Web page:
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The Gateway State


Ogun State is located in western Nigeria and was established in 1976. It was formed by merging the former Abeokuta and Ijebu provinces, which were part of the former Western state.

The state shares borders with Oyo and Osun states to the north, Lagos state to the south, Ondo state to the east, and the Republic of Benin to the west.

The majority of Ogun State’s population is Yoruba, and the Yoruba language is widely spoken throughout the state.

Islam and Christianity are the predominant religions in Ogun State, with a smaller number of people practicing traditional religion.


Agriculture forms the backbone of Ogun State’s economy, with a focus on the cultivation of rice, corn, cassava, yams, plantains, and bananas. The region is also known for producing cash crops such as cocoa, kola nuts, rubber, palm oil and palm kernels, tobacco, cotton, and timber.

Tourist Attractions

While Olumo Rock is undoubtedly the most famous tourist attraction in Ogun state, there are several other captivating sites worth exploring, such as Alake of Egbaland Palace, Ebute Oni Beach Tourist Resort and the intriguing Lisabi Sacred Forest, Olusegun Obasanjo Presidential Library, Oronna Statue, Bilikisu Sungbo Tourist Complex, among others.

Olumo Rock

Olumo Rock is a renowned tourist attraction in Nigeria and Africa. The city itself is named after this iconic rock, which holds historical significance and is a must-visit destination. This massive rock, once a protective refuge for the Egba people during the intercity wars of the 1830s, remains steadfast in its original location within the city of Abeokuta.

According to history, the city derived its name from the rock which translates literally as “under the rock”.

Alake of Egbaland Palace

One of the notable tourist sites in Ogun State is the Alake’s Palace. The Alake, who holds the title of Alake of Egbaland, is the traditional ruler of the Egba people.

The palace, with its prominent inscription “Alake Ti Ile Egba,” warmly welcomes visitors to explore its rich cultural heritage.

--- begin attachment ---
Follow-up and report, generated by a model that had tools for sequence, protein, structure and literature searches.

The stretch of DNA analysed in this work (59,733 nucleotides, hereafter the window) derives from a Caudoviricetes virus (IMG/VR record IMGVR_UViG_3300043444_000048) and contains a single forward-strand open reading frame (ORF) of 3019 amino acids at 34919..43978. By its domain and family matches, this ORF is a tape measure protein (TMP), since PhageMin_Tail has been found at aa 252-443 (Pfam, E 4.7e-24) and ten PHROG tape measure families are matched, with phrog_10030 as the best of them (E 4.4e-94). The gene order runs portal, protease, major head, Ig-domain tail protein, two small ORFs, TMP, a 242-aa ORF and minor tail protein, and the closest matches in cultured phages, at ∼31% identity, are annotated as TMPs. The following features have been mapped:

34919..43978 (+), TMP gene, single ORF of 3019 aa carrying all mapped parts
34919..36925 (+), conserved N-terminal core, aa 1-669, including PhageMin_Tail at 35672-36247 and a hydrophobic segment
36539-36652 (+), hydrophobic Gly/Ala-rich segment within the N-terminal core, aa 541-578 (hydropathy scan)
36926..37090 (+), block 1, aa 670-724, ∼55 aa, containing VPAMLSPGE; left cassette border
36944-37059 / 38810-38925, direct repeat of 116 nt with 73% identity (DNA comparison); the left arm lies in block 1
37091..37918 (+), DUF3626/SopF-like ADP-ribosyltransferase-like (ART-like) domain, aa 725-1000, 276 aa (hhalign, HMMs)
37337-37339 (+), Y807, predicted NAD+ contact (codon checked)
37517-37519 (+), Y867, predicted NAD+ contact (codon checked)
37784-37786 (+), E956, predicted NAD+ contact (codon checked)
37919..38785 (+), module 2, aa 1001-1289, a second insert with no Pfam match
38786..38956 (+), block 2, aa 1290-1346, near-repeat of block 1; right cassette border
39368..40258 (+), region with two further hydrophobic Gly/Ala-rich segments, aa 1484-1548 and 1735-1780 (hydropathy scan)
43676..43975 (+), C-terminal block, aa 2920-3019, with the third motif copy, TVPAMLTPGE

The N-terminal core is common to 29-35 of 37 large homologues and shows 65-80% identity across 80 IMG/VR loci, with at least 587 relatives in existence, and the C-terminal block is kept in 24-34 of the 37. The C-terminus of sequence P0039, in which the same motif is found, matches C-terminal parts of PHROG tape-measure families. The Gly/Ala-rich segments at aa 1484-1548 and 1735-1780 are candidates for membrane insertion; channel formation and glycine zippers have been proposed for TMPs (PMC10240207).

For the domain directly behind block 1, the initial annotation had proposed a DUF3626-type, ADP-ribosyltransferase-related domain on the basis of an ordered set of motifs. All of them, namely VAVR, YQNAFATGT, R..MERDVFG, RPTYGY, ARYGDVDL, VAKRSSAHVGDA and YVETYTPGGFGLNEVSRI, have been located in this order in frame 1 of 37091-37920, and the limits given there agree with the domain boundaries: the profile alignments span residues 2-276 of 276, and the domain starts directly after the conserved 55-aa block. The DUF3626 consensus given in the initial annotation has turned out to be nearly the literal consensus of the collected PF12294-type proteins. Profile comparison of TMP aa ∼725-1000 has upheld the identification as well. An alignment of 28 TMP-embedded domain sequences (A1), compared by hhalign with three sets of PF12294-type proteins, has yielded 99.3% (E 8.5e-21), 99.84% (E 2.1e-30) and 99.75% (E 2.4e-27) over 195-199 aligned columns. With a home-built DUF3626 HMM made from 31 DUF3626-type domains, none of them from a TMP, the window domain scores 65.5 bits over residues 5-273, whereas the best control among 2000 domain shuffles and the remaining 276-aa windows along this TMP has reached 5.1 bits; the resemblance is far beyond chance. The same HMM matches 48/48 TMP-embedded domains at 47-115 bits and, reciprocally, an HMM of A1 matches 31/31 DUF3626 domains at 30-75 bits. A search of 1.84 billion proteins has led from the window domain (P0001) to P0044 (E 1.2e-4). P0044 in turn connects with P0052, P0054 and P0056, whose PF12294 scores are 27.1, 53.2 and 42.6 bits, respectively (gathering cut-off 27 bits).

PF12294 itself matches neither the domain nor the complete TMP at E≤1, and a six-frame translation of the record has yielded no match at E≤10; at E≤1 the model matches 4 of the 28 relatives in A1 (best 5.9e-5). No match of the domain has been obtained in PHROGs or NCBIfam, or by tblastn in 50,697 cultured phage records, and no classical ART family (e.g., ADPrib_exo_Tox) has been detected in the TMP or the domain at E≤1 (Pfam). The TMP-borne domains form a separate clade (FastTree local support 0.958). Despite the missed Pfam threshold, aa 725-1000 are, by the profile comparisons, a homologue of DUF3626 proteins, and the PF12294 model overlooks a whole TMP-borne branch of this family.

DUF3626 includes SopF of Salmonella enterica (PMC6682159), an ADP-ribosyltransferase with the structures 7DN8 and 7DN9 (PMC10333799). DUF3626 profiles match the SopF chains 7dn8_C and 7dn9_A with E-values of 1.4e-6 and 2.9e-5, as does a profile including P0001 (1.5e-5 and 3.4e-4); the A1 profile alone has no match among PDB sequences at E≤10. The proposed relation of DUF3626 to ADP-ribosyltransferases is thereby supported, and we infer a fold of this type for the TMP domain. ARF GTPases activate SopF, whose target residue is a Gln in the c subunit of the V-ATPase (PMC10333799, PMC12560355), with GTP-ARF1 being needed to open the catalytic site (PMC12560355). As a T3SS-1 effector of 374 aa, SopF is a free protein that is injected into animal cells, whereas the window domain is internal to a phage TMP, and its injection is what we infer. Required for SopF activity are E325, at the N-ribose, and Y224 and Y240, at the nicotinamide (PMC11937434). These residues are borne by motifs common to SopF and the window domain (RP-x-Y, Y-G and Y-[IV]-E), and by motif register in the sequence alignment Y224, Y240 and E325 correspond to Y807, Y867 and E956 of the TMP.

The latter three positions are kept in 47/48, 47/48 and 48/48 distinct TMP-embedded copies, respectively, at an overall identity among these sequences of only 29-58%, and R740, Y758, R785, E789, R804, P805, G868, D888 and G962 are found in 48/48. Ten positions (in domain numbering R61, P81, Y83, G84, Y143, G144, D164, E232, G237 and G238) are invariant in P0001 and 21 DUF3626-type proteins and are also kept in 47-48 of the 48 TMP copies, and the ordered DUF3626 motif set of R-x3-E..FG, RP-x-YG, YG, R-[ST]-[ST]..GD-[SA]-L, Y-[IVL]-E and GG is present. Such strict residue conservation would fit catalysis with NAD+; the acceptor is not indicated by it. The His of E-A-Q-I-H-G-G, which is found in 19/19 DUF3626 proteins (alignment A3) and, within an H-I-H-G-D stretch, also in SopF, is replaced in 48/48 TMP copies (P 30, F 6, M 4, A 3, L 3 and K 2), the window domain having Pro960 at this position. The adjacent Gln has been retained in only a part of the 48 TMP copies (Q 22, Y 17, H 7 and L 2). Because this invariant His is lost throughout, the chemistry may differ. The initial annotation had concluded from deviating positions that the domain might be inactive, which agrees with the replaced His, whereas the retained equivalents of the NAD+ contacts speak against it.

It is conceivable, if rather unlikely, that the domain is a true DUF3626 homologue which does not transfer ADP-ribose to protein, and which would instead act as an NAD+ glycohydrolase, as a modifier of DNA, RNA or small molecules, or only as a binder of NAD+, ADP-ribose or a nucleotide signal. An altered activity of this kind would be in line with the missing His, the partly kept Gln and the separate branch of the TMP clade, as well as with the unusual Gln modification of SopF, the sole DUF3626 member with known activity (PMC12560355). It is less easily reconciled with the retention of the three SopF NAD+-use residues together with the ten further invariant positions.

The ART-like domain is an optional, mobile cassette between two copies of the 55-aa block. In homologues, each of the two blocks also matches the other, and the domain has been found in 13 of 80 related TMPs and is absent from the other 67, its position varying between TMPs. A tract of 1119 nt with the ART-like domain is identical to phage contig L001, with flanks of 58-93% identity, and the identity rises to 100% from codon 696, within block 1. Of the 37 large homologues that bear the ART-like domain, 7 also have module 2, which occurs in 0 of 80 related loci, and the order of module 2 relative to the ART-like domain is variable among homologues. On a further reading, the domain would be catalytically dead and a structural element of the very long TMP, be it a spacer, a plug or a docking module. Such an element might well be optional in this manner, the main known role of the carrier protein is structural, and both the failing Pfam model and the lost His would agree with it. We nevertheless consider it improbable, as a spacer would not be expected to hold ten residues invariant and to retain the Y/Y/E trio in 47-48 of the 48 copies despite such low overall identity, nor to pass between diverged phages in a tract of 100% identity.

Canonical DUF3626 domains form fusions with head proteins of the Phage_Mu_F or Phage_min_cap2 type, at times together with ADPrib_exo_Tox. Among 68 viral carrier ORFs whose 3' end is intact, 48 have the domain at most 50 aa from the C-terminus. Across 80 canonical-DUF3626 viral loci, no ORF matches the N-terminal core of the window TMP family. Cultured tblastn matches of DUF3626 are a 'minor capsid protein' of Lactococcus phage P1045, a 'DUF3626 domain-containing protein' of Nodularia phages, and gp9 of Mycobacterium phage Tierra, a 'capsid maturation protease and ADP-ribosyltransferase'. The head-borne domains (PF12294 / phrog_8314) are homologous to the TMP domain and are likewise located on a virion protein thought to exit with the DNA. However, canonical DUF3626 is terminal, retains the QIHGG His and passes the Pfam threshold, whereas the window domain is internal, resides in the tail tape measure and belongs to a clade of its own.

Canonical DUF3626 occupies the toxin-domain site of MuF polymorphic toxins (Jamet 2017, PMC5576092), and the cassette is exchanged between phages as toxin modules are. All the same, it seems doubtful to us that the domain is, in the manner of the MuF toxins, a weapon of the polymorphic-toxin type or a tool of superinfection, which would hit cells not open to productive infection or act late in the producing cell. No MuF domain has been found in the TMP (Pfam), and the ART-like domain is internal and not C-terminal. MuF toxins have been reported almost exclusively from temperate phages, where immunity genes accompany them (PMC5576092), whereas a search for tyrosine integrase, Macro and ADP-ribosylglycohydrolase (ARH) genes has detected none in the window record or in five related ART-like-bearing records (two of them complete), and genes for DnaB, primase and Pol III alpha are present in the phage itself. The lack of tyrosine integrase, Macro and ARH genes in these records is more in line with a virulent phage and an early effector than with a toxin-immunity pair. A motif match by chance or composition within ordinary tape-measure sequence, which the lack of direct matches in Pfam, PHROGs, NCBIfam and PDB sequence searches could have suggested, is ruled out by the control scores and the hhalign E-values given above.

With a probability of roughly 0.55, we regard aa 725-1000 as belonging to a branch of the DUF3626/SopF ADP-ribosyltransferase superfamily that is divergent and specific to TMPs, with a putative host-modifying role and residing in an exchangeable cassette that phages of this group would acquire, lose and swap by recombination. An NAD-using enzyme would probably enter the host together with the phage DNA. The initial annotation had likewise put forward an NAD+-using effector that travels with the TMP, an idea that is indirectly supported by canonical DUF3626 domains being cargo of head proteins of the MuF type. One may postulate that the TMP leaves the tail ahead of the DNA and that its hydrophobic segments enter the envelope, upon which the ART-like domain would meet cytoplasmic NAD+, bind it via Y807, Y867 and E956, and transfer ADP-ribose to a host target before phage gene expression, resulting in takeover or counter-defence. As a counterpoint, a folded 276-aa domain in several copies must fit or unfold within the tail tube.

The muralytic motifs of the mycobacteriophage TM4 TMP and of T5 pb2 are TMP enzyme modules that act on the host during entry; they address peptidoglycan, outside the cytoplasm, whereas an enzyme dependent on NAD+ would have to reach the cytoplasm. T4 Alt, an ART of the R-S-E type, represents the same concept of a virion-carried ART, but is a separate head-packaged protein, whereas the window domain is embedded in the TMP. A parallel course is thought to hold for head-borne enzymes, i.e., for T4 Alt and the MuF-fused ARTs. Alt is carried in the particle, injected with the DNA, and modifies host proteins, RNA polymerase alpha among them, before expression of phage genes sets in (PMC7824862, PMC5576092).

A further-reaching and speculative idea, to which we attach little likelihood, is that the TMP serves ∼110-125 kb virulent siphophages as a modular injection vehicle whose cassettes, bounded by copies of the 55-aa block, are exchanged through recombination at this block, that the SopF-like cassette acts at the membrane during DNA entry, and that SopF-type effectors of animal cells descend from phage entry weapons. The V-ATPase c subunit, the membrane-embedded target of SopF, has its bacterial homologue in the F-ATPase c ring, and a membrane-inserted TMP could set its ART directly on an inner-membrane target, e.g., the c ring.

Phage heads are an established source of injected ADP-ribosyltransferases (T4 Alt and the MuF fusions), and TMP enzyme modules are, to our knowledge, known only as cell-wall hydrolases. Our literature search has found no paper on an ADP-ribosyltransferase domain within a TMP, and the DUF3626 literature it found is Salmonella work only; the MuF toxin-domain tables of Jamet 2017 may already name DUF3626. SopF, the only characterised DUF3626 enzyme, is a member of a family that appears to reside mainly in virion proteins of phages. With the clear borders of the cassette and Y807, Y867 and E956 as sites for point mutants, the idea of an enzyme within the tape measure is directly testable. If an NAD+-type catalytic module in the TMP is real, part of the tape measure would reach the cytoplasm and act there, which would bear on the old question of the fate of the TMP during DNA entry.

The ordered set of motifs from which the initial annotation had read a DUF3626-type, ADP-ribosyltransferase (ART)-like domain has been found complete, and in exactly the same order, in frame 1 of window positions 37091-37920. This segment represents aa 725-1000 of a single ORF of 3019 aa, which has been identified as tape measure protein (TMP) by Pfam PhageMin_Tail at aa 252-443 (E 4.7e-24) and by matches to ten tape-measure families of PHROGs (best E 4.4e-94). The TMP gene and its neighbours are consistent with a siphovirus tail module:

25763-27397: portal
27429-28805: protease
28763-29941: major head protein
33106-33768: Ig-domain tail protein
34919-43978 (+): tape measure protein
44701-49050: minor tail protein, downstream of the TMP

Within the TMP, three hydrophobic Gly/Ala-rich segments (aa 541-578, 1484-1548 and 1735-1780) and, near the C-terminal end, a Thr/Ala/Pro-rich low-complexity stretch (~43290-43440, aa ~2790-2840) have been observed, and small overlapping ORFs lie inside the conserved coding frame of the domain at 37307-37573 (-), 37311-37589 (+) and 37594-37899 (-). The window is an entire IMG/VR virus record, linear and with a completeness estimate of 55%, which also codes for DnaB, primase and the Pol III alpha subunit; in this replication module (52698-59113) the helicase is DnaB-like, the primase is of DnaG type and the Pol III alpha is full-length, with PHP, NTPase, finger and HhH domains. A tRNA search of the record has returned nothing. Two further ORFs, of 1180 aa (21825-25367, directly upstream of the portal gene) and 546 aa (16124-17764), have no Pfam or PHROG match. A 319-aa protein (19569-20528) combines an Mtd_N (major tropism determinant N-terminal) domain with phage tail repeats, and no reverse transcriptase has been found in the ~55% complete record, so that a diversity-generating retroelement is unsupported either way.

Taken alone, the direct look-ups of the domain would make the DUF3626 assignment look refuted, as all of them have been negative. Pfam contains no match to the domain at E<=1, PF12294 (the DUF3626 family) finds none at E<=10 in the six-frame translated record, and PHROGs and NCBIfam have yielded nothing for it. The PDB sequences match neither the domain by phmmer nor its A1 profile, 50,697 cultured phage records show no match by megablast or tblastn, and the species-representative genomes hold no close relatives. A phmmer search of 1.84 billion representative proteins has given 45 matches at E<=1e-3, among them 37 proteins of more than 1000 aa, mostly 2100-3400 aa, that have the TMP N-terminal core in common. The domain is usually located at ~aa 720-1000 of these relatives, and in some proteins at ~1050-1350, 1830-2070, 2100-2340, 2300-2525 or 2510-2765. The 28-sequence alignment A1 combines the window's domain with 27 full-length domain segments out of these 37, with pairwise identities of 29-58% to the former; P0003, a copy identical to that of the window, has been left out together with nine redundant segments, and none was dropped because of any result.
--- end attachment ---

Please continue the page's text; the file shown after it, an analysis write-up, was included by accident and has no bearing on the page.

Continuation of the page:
Cultural Heritage

Iganmode Cultural Festival

The Iganmode Cultural Festival, also known as Odun Omo Iganmode, is a vibrant celebration held annually by the Awori Yoruba people in Ota, Ogun State, Nigeria.

Every December, the week-long annual festival celebrates the cultural, spiritual, and mystical heritage of the Ota Awori people. It serves as a spiritual bugle, calling the sons and daughters of Awori sub-nationality, whether in Lagos, Ogun, Osun, Republic of Benin, diaspora, or anywhere else in the world, to come together for a cultural renaissance and awakening.

The festival showcases the rich traditions and customs of the Awori community, creating a sense of unity and belonging among its people.

Ojude Oba Festival

The Ojude Oba festival is a traditional celebration observed by the Yoruba people of Ijebu-Ode, a town in Ogun State, Southwest Nigeria. This annual event, serves as a tribute to the esteemed Awujale of Ijebuland.

The festival celebrates different cultural age groups known as “regberegbe,” comprising indigenes, friends, and associates from near and far. They gather at the king’s palace during the third day of the Eid al Kabir festival, commonly known as “Ileya” in Yoruba language.

Oba Adetona reintroduced the age groups in the 18th century, making it a widely accepted tradition among the Ijebu community. Today, it has become an integral part of the annual Ojude Oba festival in Ijebu. The purpose behind forming the age groups was to foster development and progress within the community.

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